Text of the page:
Washington Park (the neighbourhood of the same name is right out of my dreams) appears to be Denver’s answer to Boston Common or Central Park. The place was buzzing with people throwing around balls of all shapes and sizes, families gathering for birthday parties, college students flexing muscles and perfecting tans, and rows and rows of volleyball games in full force. We grabbed a bench at the playground and ate our picnic, in between goes on the swing, the rocking horse, and then stuff Roisin wanted to do.
The Botanic gardens in Denver are small but perfect. As I grow older I am drawn more and more to flowers, trees, gardens, nature and the quiet colourful serenity they offer. I'm not sure there is anything in nature more beautiful than a flower. There is one to suit every emotion from ecstasy to profound sadness. Is there a form of therapy where people spend tons of time gardening, there should be, or is that called retirement.

Ya dancin?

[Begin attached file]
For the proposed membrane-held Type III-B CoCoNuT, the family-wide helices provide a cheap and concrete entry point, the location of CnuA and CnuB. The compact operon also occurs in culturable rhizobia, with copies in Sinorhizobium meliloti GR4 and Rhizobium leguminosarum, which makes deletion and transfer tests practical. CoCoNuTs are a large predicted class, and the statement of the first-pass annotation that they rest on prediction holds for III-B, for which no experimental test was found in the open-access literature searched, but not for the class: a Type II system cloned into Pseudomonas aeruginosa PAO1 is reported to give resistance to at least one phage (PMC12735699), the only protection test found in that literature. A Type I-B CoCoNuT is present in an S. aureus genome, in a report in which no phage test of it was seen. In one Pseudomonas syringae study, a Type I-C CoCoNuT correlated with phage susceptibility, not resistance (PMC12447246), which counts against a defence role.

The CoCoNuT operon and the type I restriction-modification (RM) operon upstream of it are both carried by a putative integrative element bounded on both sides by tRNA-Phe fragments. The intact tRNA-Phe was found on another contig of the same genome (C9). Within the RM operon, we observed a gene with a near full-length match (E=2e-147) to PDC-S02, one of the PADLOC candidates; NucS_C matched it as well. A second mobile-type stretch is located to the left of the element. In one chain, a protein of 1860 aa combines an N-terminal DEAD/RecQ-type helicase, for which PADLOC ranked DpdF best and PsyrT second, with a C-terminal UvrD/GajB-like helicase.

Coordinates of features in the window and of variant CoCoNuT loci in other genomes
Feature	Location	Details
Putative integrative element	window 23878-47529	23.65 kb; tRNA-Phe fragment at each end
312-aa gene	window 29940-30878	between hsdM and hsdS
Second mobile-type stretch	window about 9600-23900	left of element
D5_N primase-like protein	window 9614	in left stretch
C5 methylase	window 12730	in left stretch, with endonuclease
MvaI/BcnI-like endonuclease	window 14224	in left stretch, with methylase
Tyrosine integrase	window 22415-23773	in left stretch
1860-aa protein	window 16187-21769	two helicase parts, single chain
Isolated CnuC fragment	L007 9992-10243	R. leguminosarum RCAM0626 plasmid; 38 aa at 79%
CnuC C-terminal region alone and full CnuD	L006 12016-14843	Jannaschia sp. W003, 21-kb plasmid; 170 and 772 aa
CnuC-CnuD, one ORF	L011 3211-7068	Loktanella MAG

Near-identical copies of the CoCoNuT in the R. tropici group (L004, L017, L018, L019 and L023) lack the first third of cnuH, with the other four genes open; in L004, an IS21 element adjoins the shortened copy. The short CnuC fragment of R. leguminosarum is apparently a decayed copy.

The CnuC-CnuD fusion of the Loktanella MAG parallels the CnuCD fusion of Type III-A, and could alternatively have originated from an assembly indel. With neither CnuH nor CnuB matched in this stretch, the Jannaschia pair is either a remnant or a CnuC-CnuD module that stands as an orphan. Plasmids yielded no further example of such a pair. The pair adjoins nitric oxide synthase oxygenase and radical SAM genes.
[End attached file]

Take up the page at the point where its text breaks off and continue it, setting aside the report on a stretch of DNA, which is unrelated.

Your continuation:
At City Park we decided to check out the Museum of Nature and Science. Because ‘Nature’ came before ‘Science’ in the title it tricked my brain into thinking it was going to be a small outfit, probably run by a couple of teachers, we'd trace the outlines of leaves and learn how to properly hug a tree (it's ‘clutch and release’ by the way, nobody likes a hugger mugger). But the “nature” museum was the size of an airplane hanger and was packed to the rafters with kids going nuts experimenting and learning. To add to the excitement a live Mexican band played very loudly while characters from Disney’s Frozen movie danced through the crowd. Oh to be 10 again.

We grabbed dinner that night in Duo in the Highland neighbourhood. It ticked all my preconceived notions; very trendy, hipster, cool. Denver is known for its farm to table restaurants and this was exactly what we got. It was mouth wateringly delicious and the staff were discreetly friendly, my favourite kind (thanks for the excellent tip Katie).

Our hotel was very close to Union Station. It looks like an abandoned station was vamped up and repurposed to be an exclusive hotel, with a trendy bar in the main station plaza surrounded by healthy fast food walk in's and zeitgeist art shops and book stores. Lo and behold it has all this but it is still a working station with tracks out the back and a small Amtrax office inside. Great job Denver, great job. SF please take note and improve your transport. You're a great city, sort it out.